A constitution is the underlying legal structure of a sovereign state. Unlike a statute, a constitution cannot be changed by a mere majority vote of the legislative branch and requires a special procedure in order to amend it. It may be a written document (such as the United States Constitution), a collection of customs (the Constitution of the United Kingdom), or a mixture of both. At a minimum, a constitution will deal with:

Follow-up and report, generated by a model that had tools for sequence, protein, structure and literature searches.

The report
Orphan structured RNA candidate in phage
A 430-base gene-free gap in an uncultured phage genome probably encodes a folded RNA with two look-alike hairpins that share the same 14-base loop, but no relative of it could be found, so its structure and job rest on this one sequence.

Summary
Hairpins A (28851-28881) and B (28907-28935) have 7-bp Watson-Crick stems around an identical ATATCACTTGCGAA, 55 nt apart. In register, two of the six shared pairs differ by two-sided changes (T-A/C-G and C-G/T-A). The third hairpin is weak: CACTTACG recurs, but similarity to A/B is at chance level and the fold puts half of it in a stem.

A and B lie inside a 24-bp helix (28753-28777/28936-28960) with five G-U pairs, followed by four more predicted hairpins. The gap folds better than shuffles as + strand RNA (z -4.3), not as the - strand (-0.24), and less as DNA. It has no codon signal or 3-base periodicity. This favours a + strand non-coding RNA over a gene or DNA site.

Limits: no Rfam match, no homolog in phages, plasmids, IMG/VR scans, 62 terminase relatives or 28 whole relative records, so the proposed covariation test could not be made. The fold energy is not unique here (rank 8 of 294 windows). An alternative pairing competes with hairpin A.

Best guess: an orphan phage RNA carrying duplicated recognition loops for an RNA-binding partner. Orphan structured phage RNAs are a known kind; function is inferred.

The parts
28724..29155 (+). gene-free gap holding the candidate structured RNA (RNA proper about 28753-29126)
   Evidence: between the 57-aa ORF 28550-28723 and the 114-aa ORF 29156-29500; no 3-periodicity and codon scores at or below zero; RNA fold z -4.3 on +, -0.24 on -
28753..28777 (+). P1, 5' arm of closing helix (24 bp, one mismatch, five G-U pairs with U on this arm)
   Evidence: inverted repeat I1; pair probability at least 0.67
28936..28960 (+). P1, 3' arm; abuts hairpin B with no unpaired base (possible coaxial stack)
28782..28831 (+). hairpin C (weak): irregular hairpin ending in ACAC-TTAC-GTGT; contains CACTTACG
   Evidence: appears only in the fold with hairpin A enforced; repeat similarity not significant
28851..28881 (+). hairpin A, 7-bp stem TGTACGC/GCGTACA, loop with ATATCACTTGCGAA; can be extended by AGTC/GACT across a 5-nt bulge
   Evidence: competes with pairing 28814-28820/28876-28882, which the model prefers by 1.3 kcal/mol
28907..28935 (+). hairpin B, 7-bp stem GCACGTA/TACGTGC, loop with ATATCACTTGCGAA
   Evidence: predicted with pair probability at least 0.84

• The powers of the various branches of government, such as the executive, the legislature and the judiciary.
  • How statutes may be passed and promulgated.

It may also deal with:

Since the United States Supreme Court case of Marbury v. Madison, the judicial branch of most western democracies has been accepted at the ultimate authority over whether a given statute is in violation of constitutional principles.